Stanford’s African and African American Studies program turns 50
Stanford’s first ethnic studies program celebrates its 50th anniversary by bringing leading scholars in black studies to campus for a conference in April.
Stanford junior Dayonna Tucker still remembers feeling unsure during Admit Weekend what her future studies would look like.
But she said that hesitancy quickly dissipated once she discovered Stanford’s Program in African and African American Studies (AAAS), a place she and several other students call “a home away from home.”
“Studying my heritage and where I come from has directly increased my self-esteem and how I see African American communities,” said Tucker, who is majoring in AAAS and minoring in creative writing. “The biggest reward has been the connections I’ve made with the program’s faculty, students and staff. We are all like family to each other.”
This winter quarter, the Program in African and African American Studies marked 50 years since its first cohort of 13 Stanford undergraduates began their coursework.
The interdisciplinary program offers a major and a minor in the study of history, culture and sociology of African Americans and people in the African diaspora. It is the oldest ethnic studies program developed at Stanford and the first African and African American Studies program created at a private institution in the United States.
“We strive to create a place where students of all backgrounds could have conversations about racial justice, equity and how to make the world a better place,” said Allyson Hobbs, director of the program and associate professor of American history in the School of Humanities and Sciences at Stanford.
Hobbs emphasized the importance of studying African and African American history in a time when racial disparities still exist across society, from education to health care and criminal justice systems.
“There is a kind of salience to the study of African and African American studies now given our political climate,” Hobbs said. “Delving deeper into the history and culture of African Americans and the African diaspora can broaden people’s understanding and awareness of our country’s past and current issues.”
The program’s roots date to the campus gathering in Memorial Auditorium in the wake of Martin Luther King Jr.’s assassination in April 1968. During the event, 70 members of Stanford’s Black Student Union famously ascended the stage, took the microphone from then-Provost Richard Lyman and read a list of 10 demands that asked the university to boost African American admissions, curriculum and hiring. Shortly after, a committee headed by professor emeritus of anthropology James L. Gibbs developed the program.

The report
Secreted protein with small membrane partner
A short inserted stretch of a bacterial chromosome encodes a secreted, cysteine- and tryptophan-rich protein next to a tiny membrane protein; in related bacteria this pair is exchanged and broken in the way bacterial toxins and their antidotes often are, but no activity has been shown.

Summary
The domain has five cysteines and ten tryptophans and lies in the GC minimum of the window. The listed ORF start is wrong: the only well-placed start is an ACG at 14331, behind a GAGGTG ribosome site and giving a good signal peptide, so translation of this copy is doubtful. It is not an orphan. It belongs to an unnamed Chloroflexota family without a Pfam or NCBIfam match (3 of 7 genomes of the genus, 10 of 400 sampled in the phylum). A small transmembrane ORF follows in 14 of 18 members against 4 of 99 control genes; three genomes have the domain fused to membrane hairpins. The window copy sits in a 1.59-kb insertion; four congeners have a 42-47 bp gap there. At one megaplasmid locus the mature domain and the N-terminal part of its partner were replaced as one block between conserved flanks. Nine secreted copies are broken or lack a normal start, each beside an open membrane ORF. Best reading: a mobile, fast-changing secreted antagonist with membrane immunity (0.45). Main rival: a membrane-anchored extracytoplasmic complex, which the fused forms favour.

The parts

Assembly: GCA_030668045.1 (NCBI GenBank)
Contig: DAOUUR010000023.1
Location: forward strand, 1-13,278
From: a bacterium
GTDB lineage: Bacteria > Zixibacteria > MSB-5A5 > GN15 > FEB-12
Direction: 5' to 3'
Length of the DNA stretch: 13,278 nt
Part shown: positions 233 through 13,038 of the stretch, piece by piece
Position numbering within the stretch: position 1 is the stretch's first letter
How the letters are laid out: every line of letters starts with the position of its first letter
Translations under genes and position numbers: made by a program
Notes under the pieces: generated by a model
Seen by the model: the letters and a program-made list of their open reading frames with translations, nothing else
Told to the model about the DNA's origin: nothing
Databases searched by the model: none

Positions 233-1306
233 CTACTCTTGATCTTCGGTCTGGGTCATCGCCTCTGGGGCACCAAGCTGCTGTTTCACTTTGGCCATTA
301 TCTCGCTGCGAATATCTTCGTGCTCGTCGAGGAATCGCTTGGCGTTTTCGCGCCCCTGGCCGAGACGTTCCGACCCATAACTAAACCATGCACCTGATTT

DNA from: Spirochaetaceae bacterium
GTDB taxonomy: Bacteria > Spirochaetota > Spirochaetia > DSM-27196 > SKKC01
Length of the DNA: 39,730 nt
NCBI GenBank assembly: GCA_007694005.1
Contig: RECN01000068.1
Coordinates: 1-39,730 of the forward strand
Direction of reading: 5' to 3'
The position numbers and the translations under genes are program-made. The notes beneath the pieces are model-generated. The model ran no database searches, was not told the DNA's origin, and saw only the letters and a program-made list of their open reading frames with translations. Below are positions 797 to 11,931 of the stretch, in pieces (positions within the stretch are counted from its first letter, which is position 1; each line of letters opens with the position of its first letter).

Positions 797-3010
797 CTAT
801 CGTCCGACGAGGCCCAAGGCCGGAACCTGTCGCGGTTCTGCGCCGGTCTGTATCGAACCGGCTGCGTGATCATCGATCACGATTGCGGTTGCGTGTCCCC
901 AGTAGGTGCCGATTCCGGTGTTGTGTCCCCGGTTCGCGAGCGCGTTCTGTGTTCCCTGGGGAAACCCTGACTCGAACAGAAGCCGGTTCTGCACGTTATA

The original demands of the students are still at the heart of the program’s mission today, Hobbs said.
Hobbs said her goals include helping Stanford hire more black professors and scholars with a focus on African American studies. She is also helping to bolster the involvement of Stanford graduate students in black studies and she hopes the program could one day provide a PhD track. This year, under her directorship, the program has for the first time hired two postdoctoral researchers.
“We are proud of our history,” Hobbs said. “But there is still work to do as we look ahead.”
Students praised the AAAS faculty and administrators for providing them with opportunities to not only pursue their intellectual curiosities but also to explore their own identity and connect with each other.
“At a huge place like Stanford, it can be easy to feel lost in the crowd,” said Stanford senior Nya Hughes, who is majoring in communication and African and African American studies. “AAAS gave me a home base that’s been really valuable intellectually and personally throughout my undergraduate years.”
Throughout each academic year, students participate in various events and traditions. For example, every Black History Month is kicked off with a night of poetry readings and live music at the Black Community Service Center. Students also go on field trips and connect with their peers over casual dinner debriefings where they talk about their classes and experiences. In recent years, students have visited the National Museum of African American History and Culture in Washington, D.C., and the California African American Museum in Los Angeles.
As an aspiring political leader and organizer, Stanford sophomore Kory Gaines said his two majors, political science and AAAS, are giving him a breadth of skills and knowledge he couldn’t have obtained another way.
“It’s been incredible to immerse myself in the history, literature and culture that’s at the foundation of how our nation was created,” Gaines said. “I’m proud of being a part of AAAS and part of the legacy of taking back the mic.”